Tonight (Monday, UK time) is a good time to write to you with some news about the Lambeth Conference and a request for prayer for one of our sessions tomorrow afternoon. (Thank you for your prayers to date!)
Teresa and I have been in Canterbury since last Tuesday, with Wednesday being a Welcome day, Thursday and Friday a retreat (bishops at Canterbury Cathedral, spouses at University of Kent), Friday night a keynote address from ++Justin to begin the conference proper. Then Saturday began our daily pattern of Bible study (plenary then small groups), seminars, “Call” sessions (more below), and optional events in evenings. Sunday morning we had our extraordinary opening service in Canterbury Cathedral. Each day includes opportunity for morning prayer, eucharist, evening prayer and night prayer.
It is wonderful meet old friends and make new ones. The University of Kent campus we are living in and meeting on is vast but the long walks to get to places is good antidote to the plentiful food we are eating. We have been blessed with dry weather (except for one evening), but the heat is tiring when there are so many meetings—and the English don’t have air conditioning in many buildings—none that we have experienced here.
The best part of the Conference (among many wonderful experiences) is seeing the Anglican Communion in its diversity—many races, many languages, many cultural contexts: Africa, Asia, North and South America, Oceania, UK/Ireland/Europe are all here. I loved hearing a talk at the bishops’ retreat given in Portugese—a beautiful language to listen to and one spoken by Anglicans in Brazil, Mozambique and Angola.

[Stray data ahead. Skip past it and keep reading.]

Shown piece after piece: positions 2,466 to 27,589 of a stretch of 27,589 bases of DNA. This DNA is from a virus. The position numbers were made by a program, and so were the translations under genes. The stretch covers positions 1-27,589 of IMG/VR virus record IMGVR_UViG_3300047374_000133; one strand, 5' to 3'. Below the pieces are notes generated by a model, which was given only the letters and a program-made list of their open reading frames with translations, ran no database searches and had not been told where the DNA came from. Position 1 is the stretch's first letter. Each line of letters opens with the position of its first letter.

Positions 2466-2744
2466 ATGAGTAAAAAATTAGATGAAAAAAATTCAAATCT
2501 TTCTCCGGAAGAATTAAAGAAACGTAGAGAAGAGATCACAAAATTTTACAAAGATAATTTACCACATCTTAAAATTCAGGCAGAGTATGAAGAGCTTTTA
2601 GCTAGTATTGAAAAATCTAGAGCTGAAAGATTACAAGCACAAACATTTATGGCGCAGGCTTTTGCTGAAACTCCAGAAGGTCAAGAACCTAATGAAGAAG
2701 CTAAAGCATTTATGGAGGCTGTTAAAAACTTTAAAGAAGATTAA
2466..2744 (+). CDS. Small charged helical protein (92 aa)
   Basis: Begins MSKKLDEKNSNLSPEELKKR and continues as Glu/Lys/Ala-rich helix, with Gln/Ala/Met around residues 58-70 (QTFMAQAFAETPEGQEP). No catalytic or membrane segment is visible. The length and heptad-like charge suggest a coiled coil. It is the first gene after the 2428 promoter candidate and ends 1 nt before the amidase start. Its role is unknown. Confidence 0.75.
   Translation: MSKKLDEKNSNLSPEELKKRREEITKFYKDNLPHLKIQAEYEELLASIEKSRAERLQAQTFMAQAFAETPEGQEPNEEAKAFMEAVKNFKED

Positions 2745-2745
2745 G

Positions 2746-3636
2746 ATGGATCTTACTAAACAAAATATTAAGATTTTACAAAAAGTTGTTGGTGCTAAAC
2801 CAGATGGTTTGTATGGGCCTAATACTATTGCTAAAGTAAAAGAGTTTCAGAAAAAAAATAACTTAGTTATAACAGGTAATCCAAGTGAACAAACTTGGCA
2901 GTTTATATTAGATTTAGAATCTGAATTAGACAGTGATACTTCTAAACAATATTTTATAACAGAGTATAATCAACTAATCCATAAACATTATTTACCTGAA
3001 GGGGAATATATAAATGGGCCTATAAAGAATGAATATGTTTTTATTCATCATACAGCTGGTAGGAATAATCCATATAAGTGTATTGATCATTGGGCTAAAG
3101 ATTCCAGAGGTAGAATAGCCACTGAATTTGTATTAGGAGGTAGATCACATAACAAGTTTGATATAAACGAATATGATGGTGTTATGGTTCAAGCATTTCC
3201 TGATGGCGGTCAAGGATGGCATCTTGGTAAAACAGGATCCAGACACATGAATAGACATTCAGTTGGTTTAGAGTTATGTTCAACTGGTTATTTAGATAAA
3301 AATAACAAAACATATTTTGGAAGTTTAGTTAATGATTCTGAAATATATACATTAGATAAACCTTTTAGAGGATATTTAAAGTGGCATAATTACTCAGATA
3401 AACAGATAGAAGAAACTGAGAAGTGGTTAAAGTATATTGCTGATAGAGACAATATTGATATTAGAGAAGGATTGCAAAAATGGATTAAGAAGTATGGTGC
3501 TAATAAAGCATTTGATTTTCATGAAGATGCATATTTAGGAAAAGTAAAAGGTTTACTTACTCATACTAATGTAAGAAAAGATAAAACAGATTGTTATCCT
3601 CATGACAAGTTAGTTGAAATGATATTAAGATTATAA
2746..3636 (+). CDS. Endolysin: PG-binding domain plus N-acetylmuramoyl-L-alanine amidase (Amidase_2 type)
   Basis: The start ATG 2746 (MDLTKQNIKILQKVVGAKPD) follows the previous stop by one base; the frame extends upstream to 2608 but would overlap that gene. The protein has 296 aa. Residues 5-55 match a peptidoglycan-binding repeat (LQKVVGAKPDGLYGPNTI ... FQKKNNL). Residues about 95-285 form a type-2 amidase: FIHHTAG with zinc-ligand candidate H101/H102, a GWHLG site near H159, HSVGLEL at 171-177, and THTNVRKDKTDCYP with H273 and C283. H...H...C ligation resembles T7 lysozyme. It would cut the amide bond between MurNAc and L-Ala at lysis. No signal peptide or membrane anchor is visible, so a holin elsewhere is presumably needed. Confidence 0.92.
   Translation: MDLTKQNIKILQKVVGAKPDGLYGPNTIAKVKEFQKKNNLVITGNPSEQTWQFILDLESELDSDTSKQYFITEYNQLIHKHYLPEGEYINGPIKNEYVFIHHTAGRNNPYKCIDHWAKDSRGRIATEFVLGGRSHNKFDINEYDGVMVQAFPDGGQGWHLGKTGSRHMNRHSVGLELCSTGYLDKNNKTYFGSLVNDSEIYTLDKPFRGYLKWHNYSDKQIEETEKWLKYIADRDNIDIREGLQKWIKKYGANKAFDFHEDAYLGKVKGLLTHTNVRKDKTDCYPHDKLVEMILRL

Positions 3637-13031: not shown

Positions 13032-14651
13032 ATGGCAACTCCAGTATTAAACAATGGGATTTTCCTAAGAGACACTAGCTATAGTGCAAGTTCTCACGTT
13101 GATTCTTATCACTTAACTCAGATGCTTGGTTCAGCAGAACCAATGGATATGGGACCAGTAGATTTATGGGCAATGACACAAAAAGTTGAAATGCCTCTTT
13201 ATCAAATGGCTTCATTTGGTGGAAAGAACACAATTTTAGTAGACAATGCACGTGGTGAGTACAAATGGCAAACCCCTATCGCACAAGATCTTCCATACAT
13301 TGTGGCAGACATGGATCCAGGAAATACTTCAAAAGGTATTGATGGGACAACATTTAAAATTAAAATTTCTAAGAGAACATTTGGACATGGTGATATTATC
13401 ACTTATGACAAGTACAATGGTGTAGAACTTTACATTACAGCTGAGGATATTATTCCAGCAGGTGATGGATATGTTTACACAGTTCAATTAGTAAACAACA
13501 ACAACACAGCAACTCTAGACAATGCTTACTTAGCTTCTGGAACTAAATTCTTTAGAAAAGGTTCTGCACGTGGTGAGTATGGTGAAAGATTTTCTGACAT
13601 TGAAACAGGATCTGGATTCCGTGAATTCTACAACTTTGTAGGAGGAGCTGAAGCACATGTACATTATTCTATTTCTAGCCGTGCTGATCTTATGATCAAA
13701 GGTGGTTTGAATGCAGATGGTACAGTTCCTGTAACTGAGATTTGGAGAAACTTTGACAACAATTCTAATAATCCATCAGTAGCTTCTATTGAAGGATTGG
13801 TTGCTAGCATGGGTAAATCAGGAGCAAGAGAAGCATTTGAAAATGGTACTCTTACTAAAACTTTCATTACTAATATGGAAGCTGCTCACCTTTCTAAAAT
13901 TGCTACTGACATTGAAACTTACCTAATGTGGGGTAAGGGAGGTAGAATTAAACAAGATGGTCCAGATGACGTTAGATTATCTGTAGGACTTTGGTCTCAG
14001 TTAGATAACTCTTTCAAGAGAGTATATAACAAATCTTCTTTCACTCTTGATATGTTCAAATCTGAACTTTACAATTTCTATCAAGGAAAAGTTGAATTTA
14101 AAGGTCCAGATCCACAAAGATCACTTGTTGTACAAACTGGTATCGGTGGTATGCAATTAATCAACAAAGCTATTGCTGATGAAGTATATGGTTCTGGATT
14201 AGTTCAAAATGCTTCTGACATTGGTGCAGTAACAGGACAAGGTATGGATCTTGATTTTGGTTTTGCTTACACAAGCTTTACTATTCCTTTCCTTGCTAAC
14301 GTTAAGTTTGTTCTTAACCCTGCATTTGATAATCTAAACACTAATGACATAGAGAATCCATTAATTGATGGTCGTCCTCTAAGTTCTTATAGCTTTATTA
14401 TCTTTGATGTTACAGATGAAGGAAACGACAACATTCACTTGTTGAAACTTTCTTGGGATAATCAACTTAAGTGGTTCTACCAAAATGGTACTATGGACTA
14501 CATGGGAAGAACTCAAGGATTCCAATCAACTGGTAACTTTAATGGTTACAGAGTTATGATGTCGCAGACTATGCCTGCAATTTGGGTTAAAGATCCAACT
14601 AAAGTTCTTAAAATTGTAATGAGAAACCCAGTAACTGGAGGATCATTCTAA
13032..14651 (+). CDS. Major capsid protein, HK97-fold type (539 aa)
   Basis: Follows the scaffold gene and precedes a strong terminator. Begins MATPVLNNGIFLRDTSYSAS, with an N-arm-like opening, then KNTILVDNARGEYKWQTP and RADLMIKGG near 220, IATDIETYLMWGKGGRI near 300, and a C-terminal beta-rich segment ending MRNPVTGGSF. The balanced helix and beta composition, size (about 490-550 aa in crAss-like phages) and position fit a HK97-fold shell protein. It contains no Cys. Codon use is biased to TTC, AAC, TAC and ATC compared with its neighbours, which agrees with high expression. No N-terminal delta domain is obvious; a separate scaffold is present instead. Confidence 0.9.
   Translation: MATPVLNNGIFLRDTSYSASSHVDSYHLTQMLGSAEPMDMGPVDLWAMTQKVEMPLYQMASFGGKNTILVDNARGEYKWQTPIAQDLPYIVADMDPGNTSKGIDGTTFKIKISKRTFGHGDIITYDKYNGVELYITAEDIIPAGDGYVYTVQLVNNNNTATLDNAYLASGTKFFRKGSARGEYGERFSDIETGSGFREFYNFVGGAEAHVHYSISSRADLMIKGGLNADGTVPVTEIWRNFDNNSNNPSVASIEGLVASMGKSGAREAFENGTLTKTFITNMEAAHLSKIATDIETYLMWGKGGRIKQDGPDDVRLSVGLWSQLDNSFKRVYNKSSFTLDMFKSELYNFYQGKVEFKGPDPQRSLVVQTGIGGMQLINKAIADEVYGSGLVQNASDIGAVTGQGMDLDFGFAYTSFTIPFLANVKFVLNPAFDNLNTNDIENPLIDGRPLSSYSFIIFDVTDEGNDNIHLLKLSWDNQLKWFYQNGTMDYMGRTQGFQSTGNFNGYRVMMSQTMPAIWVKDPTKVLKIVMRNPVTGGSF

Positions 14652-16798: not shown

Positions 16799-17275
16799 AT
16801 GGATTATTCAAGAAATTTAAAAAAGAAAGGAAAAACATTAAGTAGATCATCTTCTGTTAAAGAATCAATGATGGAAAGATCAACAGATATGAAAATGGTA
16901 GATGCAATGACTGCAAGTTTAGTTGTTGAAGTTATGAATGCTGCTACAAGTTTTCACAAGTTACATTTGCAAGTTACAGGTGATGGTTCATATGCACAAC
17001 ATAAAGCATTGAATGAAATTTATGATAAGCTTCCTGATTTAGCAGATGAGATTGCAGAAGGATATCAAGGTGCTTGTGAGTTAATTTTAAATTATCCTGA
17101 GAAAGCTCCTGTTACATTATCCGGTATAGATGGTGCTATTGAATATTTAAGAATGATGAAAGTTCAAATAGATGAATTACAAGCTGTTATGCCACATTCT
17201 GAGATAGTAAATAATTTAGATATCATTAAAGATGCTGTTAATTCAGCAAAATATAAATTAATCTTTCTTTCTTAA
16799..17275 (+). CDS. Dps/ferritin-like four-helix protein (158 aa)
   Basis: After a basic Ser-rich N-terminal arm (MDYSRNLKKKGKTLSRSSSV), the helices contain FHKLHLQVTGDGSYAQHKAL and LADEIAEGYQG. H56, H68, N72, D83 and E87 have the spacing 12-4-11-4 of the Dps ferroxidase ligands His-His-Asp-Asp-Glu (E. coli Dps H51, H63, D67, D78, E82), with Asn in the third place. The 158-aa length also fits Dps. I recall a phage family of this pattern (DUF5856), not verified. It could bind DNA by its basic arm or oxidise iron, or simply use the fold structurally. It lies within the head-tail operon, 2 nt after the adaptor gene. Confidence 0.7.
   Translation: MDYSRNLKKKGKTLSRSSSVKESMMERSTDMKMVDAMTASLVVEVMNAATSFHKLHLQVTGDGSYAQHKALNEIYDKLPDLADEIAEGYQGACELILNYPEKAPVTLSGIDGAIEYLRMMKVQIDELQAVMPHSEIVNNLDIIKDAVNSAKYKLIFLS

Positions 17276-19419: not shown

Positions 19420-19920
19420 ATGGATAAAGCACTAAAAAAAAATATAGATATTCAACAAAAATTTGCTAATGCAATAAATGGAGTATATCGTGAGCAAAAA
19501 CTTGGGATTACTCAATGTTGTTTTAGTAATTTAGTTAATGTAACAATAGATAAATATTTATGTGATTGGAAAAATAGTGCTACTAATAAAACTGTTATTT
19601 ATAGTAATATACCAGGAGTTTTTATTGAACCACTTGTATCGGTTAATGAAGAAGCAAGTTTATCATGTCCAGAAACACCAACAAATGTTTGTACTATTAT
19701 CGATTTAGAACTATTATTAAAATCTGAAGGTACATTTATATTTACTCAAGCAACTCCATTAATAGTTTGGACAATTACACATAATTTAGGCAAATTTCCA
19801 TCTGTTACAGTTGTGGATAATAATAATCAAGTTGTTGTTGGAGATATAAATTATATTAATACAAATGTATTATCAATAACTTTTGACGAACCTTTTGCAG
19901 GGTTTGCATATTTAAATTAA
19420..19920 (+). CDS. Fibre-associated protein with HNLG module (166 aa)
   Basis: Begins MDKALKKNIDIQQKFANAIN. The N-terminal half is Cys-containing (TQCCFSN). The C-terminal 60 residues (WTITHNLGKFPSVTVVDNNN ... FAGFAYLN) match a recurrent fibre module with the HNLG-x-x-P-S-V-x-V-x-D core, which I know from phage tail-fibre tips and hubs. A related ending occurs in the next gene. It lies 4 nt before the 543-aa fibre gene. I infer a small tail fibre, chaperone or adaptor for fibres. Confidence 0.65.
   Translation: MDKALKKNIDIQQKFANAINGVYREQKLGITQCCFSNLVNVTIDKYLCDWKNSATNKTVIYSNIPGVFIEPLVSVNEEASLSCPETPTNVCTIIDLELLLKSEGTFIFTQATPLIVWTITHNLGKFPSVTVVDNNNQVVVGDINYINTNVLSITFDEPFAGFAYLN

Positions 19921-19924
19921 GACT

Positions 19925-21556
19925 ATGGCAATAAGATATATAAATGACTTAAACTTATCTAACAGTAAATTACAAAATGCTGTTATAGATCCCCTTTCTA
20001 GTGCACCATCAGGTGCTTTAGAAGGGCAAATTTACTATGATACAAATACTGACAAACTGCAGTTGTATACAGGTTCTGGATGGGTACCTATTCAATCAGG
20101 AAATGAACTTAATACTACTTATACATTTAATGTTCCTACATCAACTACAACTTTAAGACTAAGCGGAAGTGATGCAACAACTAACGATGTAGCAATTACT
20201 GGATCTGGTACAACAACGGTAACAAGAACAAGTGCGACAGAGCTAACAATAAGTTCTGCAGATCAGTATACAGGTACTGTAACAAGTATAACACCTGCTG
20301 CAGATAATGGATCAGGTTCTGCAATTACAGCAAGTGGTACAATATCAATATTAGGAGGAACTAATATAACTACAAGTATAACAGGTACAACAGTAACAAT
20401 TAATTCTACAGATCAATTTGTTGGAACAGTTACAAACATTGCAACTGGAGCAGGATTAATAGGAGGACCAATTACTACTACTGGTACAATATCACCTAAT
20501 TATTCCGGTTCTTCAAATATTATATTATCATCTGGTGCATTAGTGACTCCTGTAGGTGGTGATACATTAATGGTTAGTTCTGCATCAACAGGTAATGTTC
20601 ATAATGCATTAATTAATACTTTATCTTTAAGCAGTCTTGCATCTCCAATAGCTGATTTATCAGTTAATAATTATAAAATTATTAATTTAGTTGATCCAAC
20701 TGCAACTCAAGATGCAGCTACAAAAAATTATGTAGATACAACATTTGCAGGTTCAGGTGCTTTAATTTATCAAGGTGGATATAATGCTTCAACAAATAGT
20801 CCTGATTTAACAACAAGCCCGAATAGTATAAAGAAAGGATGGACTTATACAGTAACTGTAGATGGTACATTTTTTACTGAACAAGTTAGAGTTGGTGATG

Inevitably and expectedly, there is theological diversity here. External mainstream media, conservative Anglican media and a host of commenters on social media are playing this up as solely focused on sexuality. But the diversity is present in a host of other ways, including in our discussions in Bible study groups as we work through 1 Peter.
I am interested to find that Archbishop Welby is taking a considerable lead as a conference speaker, both key note addresses and lead addresses for the Bible studies. It is clear, to me at any rate, why he is doing this: in various remarks in his talks, he is explicitly pushing for us to be a conference which finds unity even as we acknowledge deep disagreements between us.
As we work through the Calls—papers on various topics with practical applications or “calls” for Anglican provinces to consider—we are working hard as a conference to provide guidance for ourselves in the years ahead. Yesterday, for example, we looked at a Call paper on Safeguarding, one which both confirms directions we are already working in (ACANZP, our Diocese) and offers food for thought about further work to do. If all provinces respond well to this Call, we will begin to move beyond the painful legacy of the past, well documented in newspapers around the world in recent years.
Some external media comment has ridiculed the voting method we used in our first Call, then changed for our second Call, and changed again today. Let me assure you that within the conference itself, it does not feel ridiculous: it feels like a large body of people are working out as we go along how we best determine what the mind or mood of the Lambeth Conference is on each of the Calls.
Tomorrow afternoon, Tuesday 2 August, UK time, is, however, going to be a big test of both the Conference organisers and of the conferees themselves. It is this test that I ask you to pray about.
We will discuss a call entitled Human Dignity, and as you may have seen in reports, this Call has become subject to some editing and re-editing concerning a request from the Global South Fellowship of Anglicans that the conference vote to re-affirm the Lambeth 1998 resolution 1.10 concerning marriage and same-sex partnerships.